[Question #6755] Repeated a mistake - unprotected vaginal sex

12 months ago
Hi Drs,

I'm late 20s Indian origin male. I'm uncircumcised. I repeated a mistake without my knowledge. I just met a CSW in sanjose, says she's 39. She's white ( most likely ), agency chargers 300$.

I shaved my genitals an hour before meeting her and do have some minor cuts.  We had unprotected oral sex and used a condom for protected intercourse. The problem here is the condom slipped off soon. Long story short since she's out of condoms we proceeded to have sex, twice! I ejaculated outside both the times. She doesn't seem to be worried about anything, I'm a stranger she had sex unprotected. Assuming she's a high risk encounter, please let me know the following keeping in mind I'm uncircumcised and had cuts from shaving genital areas

1) My chances of acquiring STDs in this high risk encounter 

2) risk of HIV!

3) PEP suggestions

I'm also yet to get my self tested from previous activity. I was afraid and also eased my self into believing I'm fine after your risk assessment and me having no symptoms.
Edward W. Hook M.D.
Edward W. Hook M.D.
12 months ago
Welcome to the forum and thanks for your questions.  I’ll be glad to comment.  Although STIs and even HIV are somewhat more common among CSWs, most do not have infection and this is particularly the case for higher priced CSWs (bad for repeat business).  Nonetheless, I agree that she was OK with unprotected sex is a bit concerning.  Further, most single exposure do not lead to infection (the rate varies according to the STI - for unprotected vaginal intercourse with a female partner with Gonorrhea or Chlamydia infections occur about 20% of the time per exposure while for HIV  the rate is less than 1 infection per exposure).  That you shaved shortly before your exposure does not change your risk meaningfully, even if there were nicks or abrasions.  In response to your specific questions:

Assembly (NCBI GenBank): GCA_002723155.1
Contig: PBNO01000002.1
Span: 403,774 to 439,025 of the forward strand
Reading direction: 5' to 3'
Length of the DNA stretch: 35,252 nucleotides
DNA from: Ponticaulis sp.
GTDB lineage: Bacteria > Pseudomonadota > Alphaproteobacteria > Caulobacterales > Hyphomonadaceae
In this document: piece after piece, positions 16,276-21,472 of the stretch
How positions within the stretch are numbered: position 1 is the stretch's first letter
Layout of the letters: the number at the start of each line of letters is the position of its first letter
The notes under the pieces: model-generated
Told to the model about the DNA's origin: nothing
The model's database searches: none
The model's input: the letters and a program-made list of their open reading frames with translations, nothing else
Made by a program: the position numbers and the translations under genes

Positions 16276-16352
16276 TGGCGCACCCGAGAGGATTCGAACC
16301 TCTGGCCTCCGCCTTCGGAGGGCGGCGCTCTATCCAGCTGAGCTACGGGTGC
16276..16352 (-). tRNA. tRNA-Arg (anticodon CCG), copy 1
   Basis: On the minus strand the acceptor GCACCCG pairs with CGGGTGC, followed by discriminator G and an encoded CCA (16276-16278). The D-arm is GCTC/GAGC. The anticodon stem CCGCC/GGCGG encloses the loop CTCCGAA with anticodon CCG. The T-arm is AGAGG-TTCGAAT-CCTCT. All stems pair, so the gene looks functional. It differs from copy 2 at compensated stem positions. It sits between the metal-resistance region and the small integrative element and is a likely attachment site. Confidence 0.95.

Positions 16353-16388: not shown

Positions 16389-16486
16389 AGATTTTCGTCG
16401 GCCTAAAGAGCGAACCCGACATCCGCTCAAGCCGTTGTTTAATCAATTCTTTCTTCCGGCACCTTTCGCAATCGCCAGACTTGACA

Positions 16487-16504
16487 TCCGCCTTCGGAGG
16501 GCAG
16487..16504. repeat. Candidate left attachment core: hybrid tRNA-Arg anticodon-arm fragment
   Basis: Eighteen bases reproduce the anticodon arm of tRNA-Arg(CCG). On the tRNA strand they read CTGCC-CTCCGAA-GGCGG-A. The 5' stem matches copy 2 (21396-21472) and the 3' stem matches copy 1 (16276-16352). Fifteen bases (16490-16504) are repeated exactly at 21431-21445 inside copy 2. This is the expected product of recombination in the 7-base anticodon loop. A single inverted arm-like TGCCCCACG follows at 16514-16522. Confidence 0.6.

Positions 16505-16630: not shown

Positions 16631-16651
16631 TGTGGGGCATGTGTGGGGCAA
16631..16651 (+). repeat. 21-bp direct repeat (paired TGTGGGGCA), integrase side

1.  The STIs which are most common in this situation are Gonorrhea, Chlamydia, nongonococcal urethritis, and trichomonas.  Your risk of having acquired any of them is low but not zero and the best way to be sure is to be tested.  Symptoms are usually present within 5-7 days but not everyone gets symptoms so the best way to be completely sure you are not infected is to have a urine test for Gonorrhea, Chlamydia, and trich  at least 3-5 days following the exposure.  NGU is typically symptomatic and if your tests are negative for the other STIs, I would not worry.  Similarly I would not be worried about Syphilis unless a lesion appears.

2.  The risk for HIV is many times lower than for other STIs.  Testing for HIV using currently available 4th generation blood tests is more than 99% accurate at 4 weeks and absolutely conclusive at 6 weeks.

3.  PEP is a personal decision.  If you choose PEP be aware it is often expensive but is well tolerated and is a one month commitment which will make your tests for HIV unreliable until 4-6 weeks after completion of the medication.  I would estimate your likelihood of having acquired HIV as being less than 1 in 1000 and probably far lower than that.

I hope this information is helpful.  EWH
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12 months ago
Thanks Doc. Do you suggest I wait till symptoms appear to get myself tested? 2) Out of general curiosity, if HIV is not so commonly transmitted even thru unsafe practices, how do we have some many HIV cases? Is it not sexual mostly?
Edward W. Hook M.D.
Edward W. Hook M.D.
12 months ago
Thanks for your follow-up questions. My recommendation would be to go on and get testing irrespective of whether you develop symptoms or not. Many of the STI’s I mentioned can be present without symptoms.

You are correct that there are lots of cases of HIV, however HIV is far less common than other STI’s.  Further, there are millions and millions of persons worldwide and lots of people having sex. This translates to all too many cases of HIV.

EWH
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